Now, we understand that Paul has more in mind than saying the words "Jesus is Lord," right? He's speaking of submitting to Jesus as Lord — and he says only those with the Spirit can do that. (I've yet to hear an alternative interpretation that makes any sense at all).

    Therefore, when I see someone with a deep faith, who submits his will to Jesus, making sacrifices I can't imagine making, I have to figure God is in him through the Spirit.

    So why does Paul explain what happens in baptism? Well, I agree that Paul wants converts baptized, by immersion, for forgiveness of sin. That's what he taught, I'm convinced. But I'm equally convinced that Paul's theology leads to the conclusion that those who think they were baptized as the scriptures teach and who are mistaken are nonetheless saved — IF they have a genuine, submissive faith.

  39. Jay Guin says:


    "Negotiable"? Not sure I understand what you're saying.

  40. Anne says:

    But with that line of thinking you could bypass baptism altogether rendering it useless. That seems as if you are looking at the works of a person as proof of their salvation.

  41. Jay Guin says:


    What does Paul say?

    (2Th 1:4-5 ESV) 4 Therefore we ourselves boast about you in the churches of God for your steadfastness and faith in all your persecutions and in the afflictions that you are enduring. 5 This is evidence of the righteous judgment of God, that you may be considered worthy of the kingdom of God, for which you are also suffering–

    Paul says that their steadfastness and faith are evidence that God has judged them worthy of the kingdom! He looks at their lives and finds evidence of God's salvation. I think it makes sense because I believe the Spirit lives in us powerfully — when we let him.

    But, of course, saving faith is a submissive faith — and a submissive faith will submit to baptism as taught to the convert. And the church is commanded to baptize those we convert.

  42. Ray Downen says:

    Question: Are we saved by Jesus or by the Spirit? All this about inadequate baptisms makes no sense. As does relying on the Spirit for salvation. Peter (the apostle) points out our need for US to add to our faith. He doesn't urge us to let the Spirit do it. He calls for US to do the growing and the work and take the blows of life. As a helper, the Spirit is there to remind us of JESUS who is our Savior and Lord and leader. And no one has proved that faith saves without sweat. Scriptures in plenty point out that we'll not be saved without faith. Not one of those scriptures implies in the slightest that we'll be saved by faith alone. So why all this talk about "saving faith"? The implication is that faith saves (period). That is, faith alone. And that's not scriptural fact. We do well to encourage one another to remain faithful to JESUS if we seek salvation.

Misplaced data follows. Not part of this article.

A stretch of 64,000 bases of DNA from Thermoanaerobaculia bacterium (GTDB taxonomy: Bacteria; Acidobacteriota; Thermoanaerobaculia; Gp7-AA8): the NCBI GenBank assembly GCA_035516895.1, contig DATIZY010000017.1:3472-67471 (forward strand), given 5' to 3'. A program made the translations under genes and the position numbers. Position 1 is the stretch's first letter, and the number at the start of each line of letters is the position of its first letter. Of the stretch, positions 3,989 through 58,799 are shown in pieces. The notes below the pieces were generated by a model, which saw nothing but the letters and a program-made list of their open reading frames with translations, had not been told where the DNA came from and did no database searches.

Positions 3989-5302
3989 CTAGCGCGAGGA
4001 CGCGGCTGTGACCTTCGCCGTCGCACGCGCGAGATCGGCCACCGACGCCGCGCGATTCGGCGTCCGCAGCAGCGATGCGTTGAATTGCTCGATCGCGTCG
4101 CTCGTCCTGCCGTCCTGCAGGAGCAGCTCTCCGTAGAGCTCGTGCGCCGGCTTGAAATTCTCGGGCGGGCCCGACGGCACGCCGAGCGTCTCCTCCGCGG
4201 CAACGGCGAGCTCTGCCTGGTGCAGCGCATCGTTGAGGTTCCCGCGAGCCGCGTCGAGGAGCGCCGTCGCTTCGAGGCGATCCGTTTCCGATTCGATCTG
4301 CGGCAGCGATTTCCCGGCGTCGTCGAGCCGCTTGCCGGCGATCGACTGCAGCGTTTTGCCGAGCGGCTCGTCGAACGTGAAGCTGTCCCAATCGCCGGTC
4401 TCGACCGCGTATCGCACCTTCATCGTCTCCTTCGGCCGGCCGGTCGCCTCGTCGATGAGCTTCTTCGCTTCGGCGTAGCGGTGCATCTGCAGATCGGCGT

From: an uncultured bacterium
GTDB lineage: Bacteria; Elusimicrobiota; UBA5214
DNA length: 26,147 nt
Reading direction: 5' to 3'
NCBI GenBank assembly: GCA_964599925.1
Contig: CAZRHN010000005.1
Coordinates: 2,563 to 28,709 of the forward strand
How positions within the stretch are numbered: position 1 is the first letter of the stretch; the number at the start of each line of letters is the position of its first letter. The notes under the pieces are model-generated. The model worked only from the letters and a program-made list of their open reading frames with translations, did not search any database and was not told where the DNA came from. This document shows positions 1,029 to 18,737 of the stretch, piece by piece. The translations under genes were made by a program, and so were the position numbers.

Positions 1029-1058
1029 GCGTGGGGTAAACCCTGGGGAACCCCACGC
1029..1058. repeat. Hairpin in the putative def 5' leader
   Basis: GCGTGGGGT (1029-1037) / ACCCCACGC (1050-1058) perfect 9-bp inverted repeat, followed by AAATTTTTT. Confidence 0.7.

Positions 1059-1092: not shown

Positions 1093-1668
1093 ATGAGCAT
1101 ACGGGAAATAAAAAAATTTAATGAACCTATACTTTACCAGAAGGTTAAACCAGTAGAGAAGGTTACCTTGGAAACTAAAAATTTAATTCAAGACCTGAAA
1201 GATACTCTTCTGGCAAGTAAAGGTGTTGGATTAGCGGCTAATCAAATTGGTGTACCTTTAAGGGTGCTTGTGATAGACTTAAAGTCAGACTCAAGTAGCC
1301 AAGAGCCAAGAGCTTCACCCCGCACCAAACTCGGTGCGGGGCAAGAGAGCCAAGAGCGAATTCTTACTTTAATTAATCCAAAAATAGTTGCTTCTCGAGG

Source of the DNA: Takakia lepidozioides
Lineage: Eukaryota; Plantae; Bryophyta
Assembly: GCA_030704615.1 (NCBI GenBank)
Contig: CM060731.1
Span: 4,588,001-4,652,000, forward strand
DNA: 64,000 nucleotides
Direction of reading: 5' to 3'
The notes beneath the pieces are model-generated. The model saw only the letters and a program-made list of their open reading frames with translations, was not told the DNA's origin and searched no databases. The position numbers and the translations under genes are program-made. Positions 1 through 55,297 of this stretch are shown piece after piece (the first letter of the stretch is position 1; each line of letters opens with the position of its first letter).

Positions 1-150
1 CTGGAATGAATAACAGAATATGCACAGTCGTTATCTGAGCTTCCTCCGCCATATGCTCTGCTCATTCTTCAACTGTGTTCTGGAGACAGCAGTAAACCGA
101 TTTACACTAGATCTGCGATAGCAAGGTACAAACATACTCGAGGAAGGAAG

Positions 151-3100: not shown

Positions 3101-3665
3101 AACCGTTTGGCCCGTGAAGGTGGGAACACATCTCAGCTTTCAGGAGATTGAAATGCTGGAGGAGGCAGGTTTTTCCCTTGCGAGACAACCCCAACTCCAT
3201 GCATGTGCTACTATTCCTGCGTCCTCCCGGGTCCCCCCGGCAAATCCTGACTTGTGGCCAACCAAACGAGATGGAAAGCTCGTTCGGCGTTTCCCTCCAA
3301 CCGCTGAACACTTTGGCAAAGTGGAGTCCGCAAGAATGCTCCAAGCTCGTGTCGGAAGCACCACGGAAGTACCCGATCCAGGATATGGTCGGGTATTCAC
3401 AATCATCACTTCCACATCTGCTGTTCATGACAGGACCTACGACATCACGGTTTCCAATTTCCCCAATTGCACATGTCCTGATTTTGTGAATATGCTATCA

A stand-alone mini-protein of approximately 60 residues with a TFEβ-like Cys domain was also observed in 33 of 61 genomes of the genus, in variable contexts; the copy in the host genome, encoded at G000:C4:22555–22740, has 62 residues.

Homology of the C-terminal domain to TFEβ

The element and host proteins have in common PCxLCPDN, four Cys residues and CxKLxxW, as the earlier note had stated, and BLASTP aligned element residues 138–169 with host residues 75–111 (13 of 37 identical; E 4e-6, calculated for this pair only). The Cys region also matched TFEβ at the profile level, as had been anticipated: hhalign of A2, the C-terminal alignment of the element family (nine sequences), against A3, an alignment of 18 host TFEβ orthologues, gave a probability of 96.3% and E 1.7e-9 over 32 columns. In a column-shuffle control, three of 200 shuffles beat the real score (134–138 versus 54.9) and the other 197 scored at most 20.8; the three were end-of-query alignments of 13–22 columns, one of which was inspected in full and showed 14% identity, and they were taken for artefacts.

A friend wrote today to wonder if I had any literature available to help him share truth with someone who was thinking he was always going to be saved because he had once "been saved." I encouraged my friend to study Hebrews with his friend, especially noting chapters six,ten and twelve.

    Those who are not born again of water and spirit are NOT in the kingdom of Christ. They are not saved by any amount of faith which doesn't produce obedience to the gospel. Baptism is to bring us INTO Christ. Christian baptism is when one person immerses another in water and raises the person up from the water to walk in new life with Jesus as Lord. I again recommend my book, available from on the internet, RAISED INTO NEW LIFE. It explains how faith saves by causing sinners to obey the gospel.

  43. Jay Guin says:

    Ray asks, "Are we saved by Jesus or by the Spirit?" It's a false dichotomy. Paul says that all who have the Spirit are saved. Rom 8:9-11.

    A proper understanding of salvation is Trinitarian —